Definite's Extractor

My findings on Life, Linux, Open Source, and so on.

A software may pass the UAT, yet nobody want to use it

I recently encountered an interested case: we are asked to evaluate a system through user acceptance testing (UAT). I looked at the testing, it is essentially a set of functional tests.

I wonder what’s the difference between functional tests and UAT, and dig out the following link.

http://stackoverflow.com/questions/3370334/difference-between-acceptance-test-and-functional-test/8205070#8205070

According most posts on that thread, the differences between UAT and functional testing are just focus and scope, that is, if functional testing is performed by users for the sake of user, then it’s UAT.

While there is nothing wrong for functional testing including in UAT, however, if UAT only contains functional testing, it is possible that users tick all the box, but still avoid to use the system. For example, if the system requires a complex authentication mechanism to login, while with alternative you don’t have to. Even the system does everything else correctly it was designed, you would most likely to use the alternatives instead of the system.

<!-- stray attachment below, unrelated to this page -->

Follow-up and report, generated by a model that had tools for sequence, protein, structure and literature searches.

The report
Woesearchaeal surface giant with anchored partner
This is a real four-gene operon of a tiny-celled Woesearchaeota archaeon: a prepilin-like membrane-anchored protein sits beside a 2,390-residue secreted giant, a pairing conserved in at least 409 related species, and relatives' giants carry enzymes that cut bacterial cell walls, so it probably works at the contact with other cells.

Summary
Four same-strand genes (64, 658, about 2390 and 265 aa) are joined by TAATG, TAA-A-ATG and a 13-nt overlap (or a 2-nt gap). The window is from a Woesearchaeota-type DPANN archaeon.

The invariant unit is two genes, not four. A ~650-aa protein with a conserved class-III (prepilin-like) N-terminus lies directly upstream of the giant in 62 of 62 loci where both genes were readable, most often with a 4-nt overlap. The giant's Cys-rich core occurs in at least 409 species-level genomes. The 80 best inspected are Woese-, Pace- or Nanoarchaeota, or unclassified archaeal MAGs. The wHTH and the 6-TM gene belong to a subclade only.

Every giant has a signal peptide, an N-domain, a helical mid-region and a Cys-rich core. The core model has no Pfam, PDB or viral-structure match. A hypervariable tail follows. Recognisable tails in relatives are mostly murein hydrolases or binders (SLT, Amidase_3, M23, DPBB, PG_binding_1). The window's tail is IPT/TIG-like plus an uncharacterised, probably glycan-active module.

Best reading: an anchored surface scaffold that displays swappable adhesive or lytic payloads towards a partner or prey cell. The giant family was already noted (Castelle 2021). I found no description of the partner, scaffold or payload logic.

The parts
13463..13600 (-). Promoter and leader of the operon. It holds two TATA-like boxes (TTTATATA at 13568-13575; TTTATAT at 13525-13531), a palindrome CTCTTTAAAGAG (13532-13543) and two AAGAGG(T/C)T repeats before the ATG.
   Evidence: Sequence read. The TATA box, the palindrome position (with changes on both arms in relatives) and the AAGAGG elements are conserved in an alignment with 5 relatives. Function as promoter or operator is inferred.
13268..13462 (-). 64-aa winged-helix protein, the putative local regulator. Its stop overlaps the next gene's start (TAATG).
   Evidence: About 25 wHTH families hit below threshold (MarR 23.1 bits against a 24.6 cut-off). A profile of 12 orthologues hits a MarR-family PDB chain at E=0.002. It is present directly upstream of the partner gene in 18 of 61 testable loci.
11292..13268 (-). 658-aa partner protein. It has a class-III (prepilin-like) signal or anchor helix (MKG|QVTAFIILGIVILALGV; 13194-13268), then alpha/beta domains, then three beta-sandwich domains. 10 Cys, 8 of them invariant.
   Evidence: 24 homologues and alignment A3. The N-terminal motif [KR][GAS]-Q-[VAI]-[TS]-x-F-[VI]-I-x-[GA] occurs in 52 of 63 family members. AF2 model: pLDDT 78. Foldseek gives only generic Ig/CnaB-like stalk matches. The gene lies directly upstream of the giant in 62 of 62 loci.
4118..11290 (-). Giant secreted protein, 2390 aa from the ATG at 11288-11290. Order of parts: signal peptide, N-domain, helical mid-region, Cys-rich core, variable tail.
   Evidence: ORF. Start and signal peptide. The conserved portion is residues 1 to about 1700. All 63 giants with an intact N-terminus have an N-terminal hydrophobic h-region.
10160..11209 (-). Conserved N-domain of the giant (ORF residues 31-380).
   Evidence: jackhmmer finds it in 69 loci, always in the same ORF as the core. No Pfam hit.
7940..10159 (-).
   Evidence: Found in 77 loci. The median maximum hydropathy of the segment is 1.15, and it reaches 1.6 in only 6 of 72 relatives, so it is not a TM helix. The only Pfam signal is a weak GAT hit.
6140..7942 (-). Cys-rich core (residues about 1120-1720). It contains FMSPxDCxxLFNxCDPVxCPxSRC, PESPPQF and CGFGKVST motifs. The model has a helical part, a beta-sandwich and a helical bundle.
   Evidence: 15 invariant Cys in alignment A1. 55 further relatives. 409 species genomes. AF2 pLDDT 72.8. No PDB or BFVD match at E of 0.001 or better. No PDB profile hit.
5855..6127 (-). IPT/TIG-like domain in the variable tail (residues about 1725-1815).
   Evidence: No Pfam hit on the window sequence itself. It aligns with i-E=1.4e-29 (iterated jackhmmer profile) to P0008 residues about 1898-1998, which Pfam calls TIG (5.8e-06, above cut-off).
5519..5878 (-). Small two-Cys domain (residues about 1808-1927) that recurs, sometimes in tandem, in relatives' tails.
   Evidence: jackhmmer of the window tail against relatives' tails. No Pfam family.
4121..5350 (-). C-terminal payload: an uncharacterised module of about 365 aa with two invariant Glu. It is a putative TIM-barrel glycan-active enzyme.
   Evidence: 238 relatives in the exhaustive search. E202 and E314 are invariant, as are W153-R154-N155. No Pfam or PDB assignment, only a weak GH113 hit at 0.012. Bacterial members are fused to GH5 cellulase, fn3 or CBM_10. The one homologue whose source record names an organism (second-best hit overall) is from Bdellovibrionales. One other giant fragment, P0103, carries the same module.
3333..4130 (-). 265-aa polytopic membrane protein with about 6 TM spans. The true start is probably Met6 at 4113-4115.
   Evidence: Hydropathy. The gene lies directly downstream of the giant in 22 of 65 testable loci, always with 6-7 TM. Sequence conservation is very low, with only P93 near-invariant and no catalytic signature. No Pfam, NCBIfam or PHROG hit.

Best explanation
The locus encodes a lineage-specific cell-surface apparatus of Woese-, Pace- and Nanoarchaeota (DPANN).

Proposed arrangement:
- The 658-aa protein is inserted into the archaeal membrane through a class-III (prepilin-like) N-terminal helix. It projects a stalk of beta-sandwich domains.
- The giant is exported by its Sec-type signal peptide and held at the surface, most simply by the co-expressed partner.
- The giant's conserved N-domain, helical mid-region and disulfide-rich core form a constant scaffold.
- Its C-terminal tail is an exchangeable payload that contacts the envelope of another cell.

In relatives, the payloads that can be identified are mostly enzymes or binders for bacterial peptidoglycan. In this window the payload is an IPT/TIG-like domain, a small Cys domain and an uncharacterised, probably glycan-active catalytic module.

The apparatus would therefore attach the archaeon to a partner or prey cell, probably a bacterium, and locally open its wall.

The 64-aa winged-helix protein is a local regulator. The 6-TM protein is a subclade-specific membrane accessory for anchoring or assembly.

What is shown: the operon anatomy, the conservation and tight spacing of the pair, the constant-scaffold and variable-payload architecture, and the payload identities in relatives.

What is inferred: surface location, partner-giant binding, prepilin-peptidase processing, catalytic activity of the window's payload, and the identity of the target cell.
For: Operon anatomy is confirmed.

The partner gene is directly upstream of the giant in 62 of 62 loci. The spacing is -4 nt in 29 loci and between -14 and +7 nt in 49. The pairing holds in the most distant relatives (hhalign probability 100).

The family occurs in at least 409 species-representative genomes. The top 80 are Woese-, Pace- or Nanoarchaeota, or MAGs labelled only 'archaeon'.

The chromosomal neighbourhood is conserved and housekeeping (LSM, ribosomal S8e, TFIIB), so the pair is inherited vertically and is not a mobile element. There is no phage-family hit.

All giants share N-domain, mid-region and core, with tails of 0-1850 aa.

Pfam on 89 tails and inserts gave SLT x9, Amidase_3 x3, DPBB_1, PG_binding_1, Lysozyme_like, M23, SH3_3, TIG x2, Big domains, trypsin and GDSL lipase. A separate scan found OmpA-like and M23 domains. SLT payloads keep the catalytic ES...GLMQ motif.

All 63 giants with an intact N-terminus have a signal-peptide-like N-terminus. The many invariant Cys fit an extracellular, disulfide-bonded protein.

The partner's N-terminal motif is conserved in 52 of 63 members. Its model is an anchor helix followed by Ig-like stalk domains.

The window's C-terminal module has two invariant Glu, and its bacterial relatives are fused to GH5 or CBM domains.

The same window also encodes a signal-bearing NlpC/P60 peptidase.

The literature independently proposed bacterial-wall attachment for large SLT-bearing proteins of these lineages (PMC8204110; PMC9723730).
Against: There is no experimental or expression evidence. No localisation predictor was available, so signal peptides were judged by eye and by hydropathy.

So stop wondering why your system pass UAT but people deflect to alternatives. Please at lease asks following:

  1. Do you need to use this system?
  2. Do you enjoy using this system? If not, why?

If you feel like it, you may even ask

3. Will you use this system.

You may get interesting results combining the answers of all there question.

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